The start was the same ol’-same ol’, with the biggest difference from a Novice start being that there were just WAY too many slower cars in front of me to do much about; no “magic start” for me this time. It’s probably just as well, because the tremendous variety of lines through Turn 2 (a big, sweeping left-hander also known as “Big Indy”) was so fascinating I almost forgot to pay attention to my own line into the corner. 🙂 The remainder of the first lap consisted of driving with my head on a swivel, trying not to get passed by too many people while making sure I was minding the cars around me. It wasn’t long, though, before even this large field spread itself out and my race settled down into just tooling along, minding my own business. I made the odd pass here and there as I caught up to slower cars, but I wasn’t doing much other than just experiencing the race, as I’d planned.
The next bit of excitement, after the start and first few laps, was when I noticed a couple cars gaining on me as I drove down the front straight. A-ha!, I thought, faster traffic approaching. Knowing that the cars that run toward the front of Group 5 are quite fast, and being a newly-minted Area driver, the last thing I wanted to do was interfere with their race, so I backed off a little going through Turn 2 and heading down to the first hairpin in Turn 3a. I figured that, as fast as they were they’d catch me pretty quickly, and I thought that I could set myself up (how un-competetive of me!) for a pass at the entry of the other hairpin (3b), or possibly on the back straight or at the entry to Turn 5a. Strangely, though, I got through the turns a lot farther in front of them than I expected, leading me to start pushing hard again with the idea that I’d be able to get out of their way so that they could pass me exiting Turn 6 (or later), where they wouldn’t have to modify their speed or line much, if at all. Well, “the best laid plans…” and all that: As I hammered into Turn 5b and prepared to swing back to the right to hit the apex, I suddenly discovered both cars freight-training through the corner, right where I expected to go. This led me to take a new and rather unpleasant wider line through the dusty and slippery outside portion of the corner, and at a speed that’s about as fast through there as I ever go. Can you say “pucker factor?” Knew ya could.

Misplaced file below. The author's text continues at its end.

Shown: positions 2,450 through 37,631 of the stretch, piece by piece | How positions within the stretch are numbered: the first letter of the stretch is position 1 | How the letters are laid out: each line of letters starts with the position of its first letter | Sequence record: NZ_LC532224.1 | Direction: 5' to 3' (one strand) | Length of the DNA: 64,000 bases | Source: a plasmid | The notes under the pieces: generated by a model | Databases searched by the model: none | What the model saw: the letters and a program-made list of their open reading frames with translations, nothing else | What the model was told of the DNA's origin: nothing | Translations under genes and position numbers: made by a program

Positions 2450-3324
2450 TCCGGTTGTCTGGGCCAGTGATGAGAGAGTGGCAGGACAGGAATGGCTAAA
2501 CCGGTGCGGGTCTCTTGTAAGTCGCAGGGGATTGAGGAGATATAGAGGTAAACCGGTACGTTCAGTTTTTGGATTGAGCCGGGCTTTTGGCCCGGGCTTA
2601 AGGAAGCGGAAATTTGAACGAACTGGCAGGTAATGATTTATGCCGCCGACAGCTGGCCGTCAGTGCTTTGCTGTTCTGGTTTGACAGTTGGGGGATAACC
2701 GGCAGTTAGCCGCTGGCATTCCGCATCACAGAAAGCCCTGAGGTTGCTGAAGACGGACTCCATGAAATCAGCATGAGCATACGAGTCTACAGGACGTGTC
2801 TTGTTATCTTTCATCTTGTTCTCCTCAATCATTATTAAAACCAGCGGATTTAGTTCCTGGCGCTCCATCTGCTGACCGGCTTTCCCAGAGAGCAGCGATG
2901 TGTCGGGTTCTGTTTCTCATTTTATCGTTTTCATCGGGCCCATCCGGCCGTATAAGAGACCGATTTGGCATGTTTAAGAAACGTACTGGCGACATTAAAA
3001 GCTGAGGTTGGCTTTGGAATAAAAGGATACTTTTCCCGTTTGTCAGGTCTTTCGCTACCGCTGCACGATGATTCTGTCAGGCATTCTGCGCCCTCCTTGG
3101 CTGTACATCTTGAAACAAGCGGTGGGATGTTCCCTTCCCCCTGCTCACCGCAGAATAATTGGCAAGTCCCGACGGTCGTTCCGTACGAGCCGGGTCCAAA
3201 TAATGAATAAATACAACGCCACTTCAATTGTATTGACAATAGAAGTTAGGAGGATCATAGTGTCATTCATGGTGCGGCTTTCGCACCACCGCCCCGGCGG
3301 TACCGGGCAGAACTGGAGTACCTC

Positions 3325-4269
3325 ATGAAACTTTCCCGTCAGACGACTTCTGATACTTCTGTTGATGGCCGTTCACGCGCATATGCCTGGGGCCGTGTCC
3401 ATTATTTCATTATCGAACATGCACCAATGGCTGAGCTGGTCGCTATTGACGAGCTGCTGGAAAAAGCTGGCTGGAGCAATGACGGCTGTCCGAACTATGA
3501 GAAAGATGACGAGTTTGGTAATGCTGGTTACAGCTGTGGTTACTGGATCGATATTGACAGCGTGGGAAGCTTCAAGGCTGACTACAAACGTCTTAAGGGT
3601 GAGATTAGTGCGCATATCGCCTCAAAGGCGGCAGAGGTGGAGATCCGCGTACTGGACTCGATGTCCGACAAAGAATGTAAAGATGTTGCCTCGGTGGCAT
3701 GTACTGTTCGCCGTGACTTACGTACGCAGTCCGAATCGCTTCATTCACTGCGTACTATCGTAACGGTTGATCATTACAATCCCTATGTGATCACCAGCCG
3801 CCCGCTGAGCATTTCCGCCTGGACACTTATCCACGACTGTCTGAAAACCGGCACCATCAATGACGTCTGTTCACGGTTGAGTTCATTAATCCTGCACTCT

In the latter half of the race, cars started going off track and spinning with a surprising frequency. Eventually, there were enough cars off the track that they threw a full-course caution, bunching the field back up. Unfortunately for me, the restart did not go very well: I stayed to the outside of Turn 2 (which I can do somewhat easily, front-wheel drive helping a lot) so that I’d be on inside for the braking zone for Turn 3a, which is a popular place to pass. My thinking was that, at the very least, I’d keep my position in the hairpin, if not actually be able to make a few passes. Instead, I found myself trapped behind a couple of slower cars on the right side of the track as a massive train of cars streamed past, including cars that were slower than me and/or that I’d passed earlier in the race. “Just here for the experience” attitude or not, this was really, really frustrating.
The race ended with me once again circling around on my own, but without having done (as far as I know) anything stupid or obviously “newbie”-ish. I had moved up 9 spots from where I started, and finished 4th in class (only because the other two cars in RS didn’t finish!), but I felt I had accomplished my goals for the race and that was good enough for me.